Santa Barbara County experiencing growing trend in drug-related ER visits

Posted at 6:50 PM, Sep 20, 2019
and last updated 2019-09-20 21:57:52-04

The Santa Barbara County Public Health Department says the county has been experiencing an upward trend in drug-related emergency room visits and fentanyl-related deaths.

Since 2010, Santa Barbara County has had a higher rate of non-fatal drug-related emergency room visits compared to the state average. Close to 650 incidents were reported in 2018.

According to the Santa Barbara County Public Health Department, the number of emergency room visits related to opioid use has increased by 55 percent between 2010 and 2018.

In 2018, there were 69 drug-related deaths. Thirty-one of them were due to opioids.

In response, hospitals and doctors are using and prescribing opioids more conservatively.

According to the Psychiatry and Addiction Medicine Medical Director at Cottage Hospital, Dr. Paul Erickson, users will find other ways to get their fix.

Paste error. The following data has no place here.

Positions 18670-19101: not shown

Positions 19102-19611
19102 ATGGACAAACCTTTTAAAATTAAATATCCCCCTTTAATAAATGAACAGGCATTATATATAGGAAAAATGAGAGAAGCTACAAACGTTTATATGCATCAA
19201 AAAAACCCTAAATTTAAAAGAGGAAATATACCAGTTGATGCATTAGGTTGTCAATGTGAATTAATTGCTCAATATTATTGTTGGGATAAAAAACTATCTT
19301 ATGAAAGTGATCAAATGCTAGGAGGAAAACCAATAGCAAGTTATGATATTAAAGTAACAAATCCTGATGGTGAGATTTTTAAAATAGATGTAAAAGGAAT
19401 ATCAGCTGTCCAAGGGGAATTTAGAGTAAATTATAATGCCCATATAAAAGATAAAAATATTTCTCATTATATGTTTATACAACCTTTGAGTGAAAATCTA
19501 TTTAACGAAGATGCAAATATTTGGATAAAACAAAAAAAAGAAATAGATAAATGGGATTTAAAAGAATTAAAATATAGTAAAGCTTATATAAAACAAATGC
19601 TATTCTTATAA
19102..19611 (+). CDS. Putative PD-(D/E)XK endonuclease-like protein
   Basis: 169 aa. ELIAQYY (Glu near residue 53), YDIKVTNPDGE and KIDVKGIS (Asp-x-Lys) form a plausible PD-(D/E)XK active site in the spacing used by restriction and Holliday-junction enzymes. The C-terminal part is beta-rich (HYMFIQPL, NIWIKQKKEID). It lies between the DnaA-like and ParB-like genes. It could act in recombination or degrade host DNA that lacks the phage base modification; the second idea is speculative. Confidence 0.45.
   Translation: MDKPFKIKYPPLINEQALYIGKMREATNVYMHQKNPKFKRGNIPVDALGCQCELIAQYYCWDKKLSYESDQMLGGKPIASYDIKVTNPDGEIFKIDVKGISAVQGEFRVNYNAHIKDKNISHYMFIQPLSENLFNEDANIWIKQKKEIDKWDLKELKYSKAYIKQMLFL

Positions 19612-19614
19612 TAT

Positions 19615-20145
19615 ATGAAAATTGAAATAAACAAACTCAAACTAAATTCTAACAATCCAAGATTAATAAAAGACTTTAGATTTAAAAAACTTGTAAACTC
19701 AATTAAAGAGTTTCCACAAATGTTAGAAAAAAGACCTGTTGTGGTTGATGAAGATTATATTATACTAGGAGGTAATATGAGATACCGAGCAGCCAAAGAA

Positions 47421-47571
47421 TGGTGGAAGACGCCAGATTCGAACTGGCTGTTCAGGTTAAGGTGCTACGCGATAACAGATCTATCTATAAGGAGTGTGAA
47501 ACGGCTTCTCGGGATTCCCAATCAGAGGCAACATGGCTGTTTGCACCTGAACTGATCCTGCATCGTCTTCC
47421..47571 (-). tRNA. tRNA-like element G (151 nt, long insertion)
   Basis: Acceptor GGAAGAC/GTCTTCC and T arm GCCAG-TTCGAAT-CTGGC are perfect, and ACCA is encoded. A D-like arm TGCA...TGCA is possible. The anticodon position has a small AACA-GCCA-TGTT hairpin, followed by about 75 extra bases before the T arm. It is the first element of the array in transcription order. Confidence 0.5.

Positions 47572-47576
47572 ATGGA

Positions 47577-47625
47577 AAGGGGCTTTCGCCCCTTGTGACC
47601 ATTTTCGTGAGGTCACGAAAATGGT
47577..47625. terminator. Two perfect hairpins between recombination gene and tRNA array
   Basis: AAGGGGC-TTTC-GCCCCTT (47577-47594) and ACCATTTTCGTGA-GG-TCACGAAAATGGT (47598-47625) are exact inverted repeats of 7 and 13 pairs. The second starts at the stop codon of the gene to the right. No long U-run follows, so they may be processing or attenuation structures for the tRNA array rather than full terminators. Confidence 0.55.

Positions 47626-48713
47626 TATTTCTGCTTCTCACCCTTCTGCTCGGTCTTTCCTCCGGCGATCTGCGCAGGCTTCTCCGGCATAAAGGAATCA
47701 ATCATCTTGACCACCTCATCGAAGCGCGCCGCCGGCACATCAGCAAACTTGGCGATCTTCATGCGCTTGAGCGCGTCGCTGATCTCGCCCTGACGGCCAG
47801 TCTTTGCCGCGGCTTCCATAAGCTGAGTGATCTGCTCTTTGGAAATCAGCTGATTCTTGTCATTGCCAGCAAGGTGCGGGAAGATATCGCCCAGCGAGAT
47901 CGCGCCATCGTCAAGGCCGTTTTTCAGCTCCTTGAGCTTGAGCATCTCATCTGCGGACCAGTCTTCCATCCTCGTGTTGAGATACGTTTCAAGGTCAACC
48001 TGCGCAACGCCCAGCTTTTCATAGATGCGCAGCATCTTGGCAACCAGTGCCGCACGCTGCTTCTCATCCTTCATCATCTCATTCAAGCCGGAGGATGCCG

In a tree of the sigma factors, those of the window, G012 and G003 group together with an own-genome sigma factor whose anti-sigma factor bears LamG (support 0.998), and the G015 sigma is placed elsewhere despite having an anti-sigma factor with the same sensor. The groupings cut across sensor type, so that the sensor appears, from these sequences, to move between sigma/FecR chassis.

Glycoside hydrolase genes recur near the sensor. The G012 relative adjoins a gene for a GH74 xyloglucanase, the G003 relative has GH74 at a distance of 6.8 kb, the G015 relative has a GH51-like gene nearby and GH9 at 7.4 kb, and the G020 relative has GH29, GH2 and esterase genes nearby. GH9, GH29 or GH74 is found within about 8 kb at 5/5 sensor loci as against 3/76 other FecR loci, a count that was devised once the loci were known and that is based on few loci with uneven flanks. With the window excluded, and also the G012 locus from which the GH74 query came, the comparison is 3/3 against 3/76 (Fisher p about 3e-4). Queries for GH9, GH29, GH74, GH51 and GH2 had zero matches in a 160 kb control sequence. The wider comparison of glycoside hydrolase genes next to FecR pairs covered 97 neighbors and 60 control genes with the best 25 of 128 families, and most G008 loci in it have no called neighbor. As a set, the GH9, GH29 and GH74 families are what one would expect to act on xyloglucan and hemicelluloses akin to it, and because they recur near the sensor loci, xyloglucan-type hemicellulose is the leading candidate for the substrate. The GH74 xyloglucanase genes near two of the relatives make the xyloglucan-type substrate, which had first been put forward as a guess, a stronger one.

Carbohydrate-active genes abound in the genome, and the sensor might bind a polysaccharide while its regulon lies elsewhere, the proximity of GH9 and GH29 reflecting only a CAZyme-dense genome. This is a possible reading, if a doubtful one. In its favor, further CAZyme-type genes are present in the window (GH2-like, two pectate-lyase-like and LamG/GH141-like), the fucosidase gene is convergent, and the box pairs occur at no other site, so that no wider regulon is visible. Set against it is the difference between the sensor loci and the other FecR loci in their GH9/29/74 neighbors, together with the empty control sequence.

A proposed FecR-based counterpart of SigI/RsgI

"They buy pills on the street or they turn to heroin which is inexpensive, and so that population problem has been increasing even though prescribing has been going down," Erickson said.

Public health officials say one opioid in particular, fentanyl, has been linked to more deaths.

"We are seeing nationally, both in the state of California and across the country as well as locally, a growing proportion of opioid-related deaths involving fentanyl," said Santa Barbara Public Health Department Senior Epidemiologist Joy Kane. "So that is a concerning trend we want to pay close attention to."

The county has begun to implement harm reduction strategies to address the growing issue by facilitating medication-assisted treatments, needle exchange programs, providing greater access to naloxone as well as fentanyl strips which users can use to test their drug supply to see if it is contaminated with fentanyl.

Dr. Erickson said Cottage Hospital has been able to address the issue thanks to substance abuse counseling they are able to provide to patients if needed when they are admitted.

They've also partnered with neighborhood clinics to continue providing treatment once patients with an addiction are discharged.